Life lessons

When I grow up

psychologist

Once upon a time, I wanted to become a teacher. I would stand in front of my parents, grandparents, and uncle – all involuntary students in my classroom – with a ruler in hand and boss them around to do their homework at the age of four. I gave them long-winded explanations of the alphabet and nursery rhymes. And of course, there was story-telling too.

A few years later, I contemplated becoming a doctor. I would don my father’s stethoscope around my neck and listen to the thudding heartbeats of my reluctant family, diagnosing their illnesses and prescribing medications. I would intently listen to my heartbeat through the stethoscope to understand if there was a difference between mine and theirs. I gave up the idea of being a doctor when I realised I didn’t enjoy science much later. The white coat and stethoscope were impressive, but the actual science behind it all? No, thank you. It wasn’t for me.

In high school, I decided I’d found my calling. I would become a journalist. Because you could study English and that was the only subject I enjoyed at school. I started taking it seriously; more seriously than being a teacher or a doctor. I researched what I would need to study to become a journalist. I wanted to be a sports journalist; not because I played any sport but because I loved cricket and figured it would be a great way to meet the Australian cricket team. More importantly however, I wanted women’s voices in sport. As per my plan, I took up the arts stream after Year 10. The idea was that after Year 12, I could either apply for a university in Delhi known for its journalism courses or else continue in my college with a major in English literature and pursue journalism after that.

But life sometimes doesn’t work to plan.

In Year 11, I was introduced to psychology for the very first time. And I was hooked. Here was a subject that interested me that wasn’t English. It made sense. It explained human behaviour. It had found ways to help people live their lives and cope with adverse events. It was fascinating and strange all at once. Suddenly, I wasn’t so sure about my journalistic dreams any more. But to be on the safe side, I chose English literature as one of my subjects in undergrad along with psychology and anthropology. By my second year, it was pretty clear – literature was nowhere near as compelling as the other two subjects. I didn’t care for Dickens and Elliot and for the first time in my life, I’d ceased reading for pleasure.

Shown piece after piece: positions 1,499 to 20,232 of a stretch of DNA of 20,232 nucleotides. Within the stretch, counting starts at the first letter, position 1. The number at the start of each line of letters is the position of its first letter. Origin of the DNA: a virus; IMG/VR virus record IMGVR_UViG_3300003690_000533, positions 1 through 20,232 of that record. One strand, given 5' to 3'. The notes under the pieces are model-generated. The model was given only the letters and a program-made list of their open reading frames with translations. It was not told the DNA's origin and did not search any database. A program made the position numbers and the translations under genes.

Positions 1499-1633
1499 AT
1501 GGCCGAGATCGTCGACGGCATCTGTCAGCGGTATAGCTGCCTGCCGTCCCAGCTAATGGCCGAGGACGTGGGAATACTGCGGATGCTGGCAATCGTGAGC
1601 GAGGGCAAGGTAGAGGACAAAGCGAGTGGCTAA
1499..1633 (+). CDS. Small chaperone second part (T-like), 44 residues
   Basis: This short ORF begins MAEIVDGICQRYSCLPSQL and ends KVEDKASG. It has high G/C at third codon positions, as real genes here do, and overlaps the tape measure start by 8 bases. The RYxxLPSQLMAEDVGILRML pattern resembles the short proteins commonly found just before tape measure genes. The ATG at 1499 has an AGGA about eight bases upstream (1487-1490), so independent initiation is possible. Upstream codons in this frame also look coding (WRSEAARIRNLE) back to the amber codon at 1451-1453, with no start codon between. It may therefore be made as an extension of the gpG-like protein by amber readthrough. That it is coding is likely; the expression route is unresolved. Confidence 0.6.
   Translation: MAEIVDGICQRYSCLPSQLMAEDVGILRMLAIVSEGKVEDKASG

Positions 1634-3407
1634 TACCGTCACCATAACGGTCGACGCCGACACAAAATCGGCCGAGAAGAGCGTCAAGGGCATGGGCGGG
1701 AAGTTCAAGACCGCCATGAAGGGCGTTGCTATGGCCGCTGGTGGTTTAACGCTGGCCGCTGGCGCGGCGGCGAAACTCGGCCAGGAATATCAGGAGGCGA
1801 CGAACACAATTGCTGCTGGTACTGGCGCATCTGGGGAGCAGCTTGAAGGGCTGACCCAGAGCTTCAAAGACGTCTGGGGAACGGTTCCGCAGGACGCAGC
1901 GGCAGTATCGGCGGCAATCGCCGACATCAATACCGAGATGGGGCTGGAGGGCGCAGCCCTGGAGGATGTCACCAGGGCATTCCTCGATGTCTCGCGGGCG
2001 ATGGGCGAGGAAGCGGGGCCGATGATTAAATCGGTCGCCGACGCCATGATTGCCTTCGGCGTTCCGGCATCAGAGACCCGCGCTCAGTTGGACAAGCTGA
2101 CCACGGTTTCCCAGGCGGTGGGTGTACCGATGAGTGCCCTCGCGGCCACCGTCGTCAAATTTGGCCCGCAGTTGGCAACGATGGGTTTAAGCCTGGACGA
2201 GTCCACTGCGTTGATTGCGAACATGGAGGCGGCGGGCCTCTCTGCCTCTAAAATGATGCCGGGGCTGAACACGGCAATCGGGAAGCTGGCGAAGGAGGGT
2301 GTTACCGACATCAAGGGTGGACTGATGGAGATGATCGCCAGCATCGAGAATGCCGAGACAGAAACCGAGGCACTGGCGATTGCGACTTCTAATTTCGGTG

I ended up choosing psychology as my major and going on to do my postgraduate studies in developmental psychology. I’ve been practising as a psychologist for 13 years and while I’ve occasionally had mid-life crises of sorts, I can’t think of anything else I’d rather be doing. Studying psychology and having an insight into human behaviour has been a double-edged sword, one I probably will write about in another essay.

What I have realised, though, is all my dream careers and my actual career had one thing in common – to make a difference by helping others. Even today, I dream about writing to help other people, to convey knowledge I have learnt through psychology possibly, or even to make a difference by sharing my own experiences. But, even if writing somehow miraculously becomes more prominent than what it currently is in my life, I don’t think I’ll ever stop practising as a psychologist.

Because nothing else matches the warm feeling I get when a teenager tells me they gave a speech despite their struggles with social anxiety. Or the sense of hope when one of my young people tells me they have decreased self-harming. Or that sense of joy when a teenager with depression has managed to engage in activities for the first time. Or that sense of satisfaction when a young person with generalised anxiety excitedly tells me about the time they tried something spontaneously and nothing bad happened.